A party may seek to alter or amend a judgment in a civil case within twenty-eight days after the entry of the judgment. Fed.R.Civ.P. 59(e). Because reconsideration of a judgment after its entry is an extraordinary remedy which should be used sparingly, a movant must set forth facts or law of a strongly convincing nature to induce the court to reverse its prior decision. Bostic v. Astrue, No. 1:12-CV-082, 2012 WL 3113942, at *1 (S.D. Ga. July 31, 2012). A Rule 59(e) motion may not be used “to relitigate old matters, raise argument or present evidence that could have been raised prior to the entry of judgment, " as "the only grounds for granting a Rule 59(e) motion are newly-discovered evidence or manifest errors of law or fact." Arthur v. King, 500 F.3d 1335, 1343 (11th Cir. 2007) (quotations omitted). "Rule 59(e) is not a vehicle for rehashing arguments already rejected by the court or for refuting the court's prior decision." Bostic, 2012 WL 3113942, at *1 (quoting Wendy's Int'l v. Nu-Caoe Const., Inc., 169 F.R.D. 680, 686 (M.D. Ga. 1996)).

         Here, Petitioner has failed to demonstrate newly discovered evidence or manifest errors of law or fact that would justify a finding that the Court should amend or alter its Order Denying Relief. Petitioner attaches to his present motion two exhibits, namely: (1) a letter sent to him from his former counsel dated November 5, 2013; and (2) an affidavit from his mother, Mrs. Carolyn Taylor, regarding alleged coercive influence exercised by the arresting officer over Petitioner and his family. (See Doc. No. 17, at 4-7.) Yet neither of these exhibits constitute "newly-discovered evidence" that could not have been raised prior to the entry of the Order Denying Relief. Petitioner has also failed to articulate any manifest errors of law or fact in the Court's Order Denying Relief that would affect that ruling or otherwise necessitate its reversal. Rather, Petitioner has merely restated the points made in his original Motion for Relief and argued that the Court has erred by "not allowing for the maturation of the arguments supporting [Petitioner's] actual innocence claim." (Doc. No. 17, at 2.) Moreover, as noted by the Court in its Order Denying Relief, even were the Court to grant Petitioner's present motion as well as his original Motion for Relief and consider Petitioner's substantive claims of coercion and threats by the arresting officer as timely objections to the R&R, Petitioner still would not be entitled to relief. (See Doc. No. 16, at 6-8.) Accordingly, his present motion must be denied, his Motion for Relief remains properly denied, and his underlying Section 2255 petition remains untimely.[3]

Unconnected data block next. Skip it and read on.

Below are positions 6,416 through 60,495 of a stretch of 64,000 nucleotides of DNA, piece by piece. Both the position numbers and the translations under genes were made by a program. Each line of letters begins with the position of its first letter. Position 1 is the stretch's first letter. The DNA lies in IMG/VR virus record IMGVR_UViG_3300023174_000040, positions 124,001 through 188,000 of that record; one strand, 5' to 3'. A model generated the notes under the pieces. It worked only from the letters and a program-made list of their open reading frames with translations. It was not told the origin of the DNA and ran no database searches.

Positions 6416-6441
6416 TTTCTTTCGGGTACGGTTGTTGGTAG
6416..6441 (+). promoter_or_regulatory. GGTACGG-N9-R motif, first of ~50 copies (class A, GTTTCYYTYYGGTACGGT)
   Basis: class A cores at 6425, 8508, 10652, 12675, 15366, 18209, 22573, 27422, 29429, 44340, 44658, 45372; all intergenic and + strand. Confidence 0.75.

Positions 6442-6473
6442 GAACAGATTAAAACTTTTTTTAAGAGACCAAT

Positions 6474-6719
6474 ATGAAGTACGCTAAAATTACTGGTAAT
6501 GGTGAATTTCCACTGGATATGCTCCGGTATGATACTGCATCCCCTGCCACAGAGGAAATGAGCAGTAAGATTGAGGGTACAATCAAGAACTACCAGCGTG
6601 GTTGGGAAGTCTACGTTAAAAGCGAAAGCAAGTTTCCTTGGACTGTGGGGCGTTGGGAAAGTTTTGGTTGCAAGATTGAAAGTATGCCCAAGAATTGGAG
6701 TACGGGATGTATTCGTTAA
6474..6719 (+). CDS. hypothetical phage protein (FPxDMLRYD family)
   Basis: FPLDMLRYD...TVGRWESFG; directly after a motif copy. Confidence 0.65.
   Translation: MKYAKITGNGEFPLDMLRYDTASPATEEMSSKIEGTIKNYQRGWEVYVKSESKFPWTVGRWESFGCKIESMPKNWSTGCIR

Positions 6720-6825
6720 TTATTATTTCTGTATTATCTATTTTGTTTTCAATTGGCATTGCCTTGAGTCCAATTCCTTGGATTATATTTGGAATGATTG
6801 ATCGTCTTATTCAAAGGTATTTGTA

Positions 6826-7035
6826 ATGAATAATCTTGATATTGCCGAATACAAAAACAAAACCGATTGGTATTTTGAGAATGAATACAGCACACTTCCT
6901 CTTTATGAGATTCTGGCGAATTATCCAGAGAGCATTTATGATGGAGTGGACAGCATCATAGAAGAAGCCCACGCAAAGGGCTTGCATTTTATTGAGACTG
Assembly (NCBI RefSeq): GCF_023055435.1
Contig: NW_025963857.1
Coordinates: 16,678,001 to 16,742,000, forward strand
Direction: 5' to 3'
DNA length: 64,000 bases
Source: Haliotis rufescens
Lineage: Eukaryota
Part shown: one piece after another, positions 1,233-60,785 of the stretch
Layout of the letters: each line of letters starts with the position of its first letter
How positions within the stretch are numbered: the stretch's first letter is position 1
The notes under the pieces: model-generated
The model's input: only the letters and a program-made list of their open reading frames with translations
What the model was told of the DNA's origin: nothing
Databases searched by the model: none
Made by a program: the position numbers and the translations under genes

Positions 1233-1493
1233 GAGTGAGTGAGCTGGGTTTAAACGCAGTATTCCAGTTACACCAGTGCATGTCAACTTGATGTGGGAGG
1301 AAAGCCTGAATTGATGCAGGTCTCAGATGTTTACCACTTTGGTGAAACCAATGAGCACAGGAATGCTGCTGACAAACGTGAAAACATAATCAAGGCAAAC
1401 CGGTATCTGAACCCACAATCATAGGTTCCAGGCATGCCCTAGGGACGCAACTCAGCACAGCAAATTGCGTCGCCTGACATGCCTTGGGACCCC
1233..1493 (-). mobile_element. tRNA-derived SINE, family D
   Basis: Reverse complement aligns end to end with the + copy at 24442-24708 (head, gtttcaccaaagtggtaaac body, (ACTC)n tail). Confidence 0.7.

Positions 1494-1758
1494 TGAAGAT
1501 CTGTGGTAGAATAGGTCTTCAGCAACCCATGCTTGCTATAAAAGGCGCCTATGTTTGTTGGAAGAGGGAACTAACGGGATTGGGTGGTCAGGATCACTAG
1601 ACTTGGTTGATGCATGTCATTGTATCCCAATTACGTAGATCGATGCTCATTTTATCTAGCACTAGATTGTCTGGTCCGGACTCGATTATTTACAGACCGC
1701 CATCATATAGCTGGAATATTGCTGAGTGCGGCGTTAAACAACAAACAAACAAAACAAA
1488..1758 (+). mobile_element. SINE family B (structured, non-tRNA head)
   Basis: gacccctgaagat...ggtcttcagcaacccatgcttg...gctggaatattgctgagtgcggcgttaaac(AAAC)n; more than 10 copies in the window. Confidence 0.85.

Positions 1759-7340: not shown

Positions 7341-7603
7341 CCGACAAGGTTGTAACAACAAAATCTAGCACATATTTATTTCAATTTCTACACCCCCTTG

III. CONCLUSION

         Upon the foregoing and due consideration, Petitioner's motion to alter or amend judgment pursuant to Federal Rule of Civil Procedure 59 (e) (doc. no. 17) is DENIED.

         ORDER ENTERED.

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Notes:

[1] On July 13, 2016, the Court received Petitioner's notice of appeal to the Eleventh Circuit Court of Appeals as to the Order dismissing his Section 2255 Motion. (Doc. No. 10.) On December 19, 2016, the Eleventh Circuit denied Petitioner's motion for a certificate of appealability based on his failure to make the requisite showing. ...